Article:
Before joining a new team at The James Cook University Hospital configurations administrator Susan Baldwin hadn’t given much thought to organ donation and wasn’t signed up to be a donor.
But, after hearing that her colleague’s son needed a kidney transplant, she discussed it with her family and decided to give him a life changing gift.
Shortly after joining the hospital’s medical rostering team Susan learnt that her colleague, and soon to be good friend, Gill Postgate’s son, Will, had a genetic condition called Alport syndrome.
Gill was very open about Will’s condition and that he would eventually deteriorate and would need a kidney transplant but remained very upbeat.
And, as time went on Gill received the news that Will, 22 from Guisborough, needed to start his transplant journey, mentioning it to Susan and the team.
“Will is only a year older than my son,” said Susan. “Initially I thought I wouldn’t be able to donate in case any of my family needed a transplant in the future.
But, when Gill finally got the news that Will needed to go on the transplant waiting list it seemed so unfair, they’re a normal hardworking family, so I thought I’m a fit and healthy person, what if everyone thought they needed to save a kidney in case a family member needed it?"
Susan spent a lot of time thinking about being a living donor and decided that if it was her son who needed a transplant, she’d like to think there was someone out there who would do the same for him.
After discussing it with her husband and son she quickly offered to help Will and was tested, along with Will’s dad, to see if she was a match.
Unfortunately, Will’s dad was unable to progress any further but Susan discovered she was a match in February 2021. Unfortunately following further tests a couple of months later she was advised she was unable to proceed.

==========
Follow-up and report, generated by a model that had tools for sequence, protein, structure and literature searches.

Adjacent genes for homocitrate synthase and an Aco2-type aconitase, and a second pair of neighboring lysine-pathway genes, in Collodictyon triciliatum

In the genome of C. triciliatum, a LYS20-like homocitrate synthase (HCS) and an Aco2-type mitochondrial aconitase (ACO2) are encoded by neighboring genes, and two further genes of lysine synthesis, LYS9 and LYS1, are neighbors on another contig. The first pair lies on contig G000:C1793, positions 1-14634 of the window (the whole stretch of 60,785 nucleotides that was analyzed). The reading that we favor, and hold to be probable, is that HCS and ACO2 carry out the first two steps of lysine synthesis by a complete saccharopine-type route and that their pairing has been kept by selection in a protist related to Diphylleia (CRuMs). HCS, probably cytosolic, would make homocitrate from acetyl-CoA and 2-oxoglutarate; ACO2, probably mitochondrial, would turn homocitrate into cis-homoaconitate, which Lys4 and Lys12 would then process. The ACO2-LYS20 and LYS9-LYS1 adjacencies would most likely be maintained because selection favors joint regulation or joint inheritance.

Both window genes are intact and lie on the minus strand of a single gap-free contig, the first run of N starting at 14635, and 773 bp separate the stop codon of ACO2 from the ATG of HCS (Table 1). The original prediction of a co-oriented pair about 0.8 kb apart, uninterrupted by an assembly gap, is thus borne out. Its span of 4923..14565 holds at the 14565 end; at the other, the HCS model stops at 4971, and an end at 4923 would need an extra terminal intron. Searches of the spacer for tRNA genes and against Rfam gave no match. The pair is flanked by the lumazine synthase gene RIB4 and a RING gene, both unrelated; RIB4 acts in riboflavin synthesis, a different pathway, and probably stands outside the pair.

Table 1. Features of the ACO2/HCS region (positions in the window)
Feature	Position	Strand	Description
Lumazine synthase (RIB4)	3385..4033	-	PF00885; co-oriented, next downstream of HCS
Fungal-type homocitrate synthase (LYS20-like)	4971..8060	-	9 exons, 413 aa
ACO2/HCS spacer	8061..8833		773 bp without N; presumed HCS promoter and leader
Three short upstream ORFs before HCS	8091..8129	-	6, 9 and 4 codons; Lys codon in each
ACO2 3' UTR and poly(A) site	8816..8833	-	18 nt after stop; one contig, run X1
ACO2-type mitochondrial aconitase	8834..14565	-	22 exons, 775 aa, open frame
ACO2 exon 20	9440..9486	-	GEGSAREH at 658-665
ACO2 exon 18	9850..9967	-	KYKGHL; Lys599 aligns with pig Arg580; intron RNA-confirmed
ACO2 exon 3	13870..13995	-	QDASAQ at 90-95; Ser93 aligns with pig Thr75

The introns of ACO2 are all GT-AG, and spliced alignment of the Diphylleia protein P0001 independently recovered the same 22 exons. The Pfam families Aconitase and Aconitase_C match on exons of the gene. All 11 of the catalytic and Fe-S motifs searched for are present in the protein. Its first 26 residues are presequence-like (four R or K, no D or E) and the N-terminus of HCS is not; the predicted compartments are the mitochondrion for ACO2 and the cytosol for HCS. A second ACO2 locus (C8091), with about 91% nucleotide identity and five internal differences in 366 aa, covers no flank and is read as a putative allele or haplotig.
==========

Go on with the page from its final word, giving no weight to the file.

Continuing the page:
Susan said: “I hated keeping it a secret that I’d gone for more tests but I didn’t want to raise anyone’s hopes. I was at work with Gill when I got the call to say I was a match, I was absolutely buzzing, it was amazing.”
Gill said: “It was incredible news that Susan was a match as Will had commenced peritoneal dialysis in November and was struggling with certain elements of it.”
She added: “As a family we will never be able to express our gratitude to Susan and the amazing medical teams at both James Cook and the Freeman.”
Now, just over seven months later Will has returned to fulltime work and says his life is on a vertical trajectory at the moment.
“The transplant has changed my life in ways you can’t put into words,” Will said.
The simplest way to put it is I have my life back and it’s amazing. I’m struggling to describe how grateful and thankful I am to Susan and always will be."
Organ Donation Week
Will, his mum and Susan are now encouraging others to talk openly about organ donation with their families and consider becoming living donors.
Susan, who like Will has now fully recovered, added: “I’m so lucky that I get to hear how well Will is doing. The more I think about it the more I think it was meant to be – me joining a new team, meeting Gill, hearing about Will, me being a match – it was all meant to be.”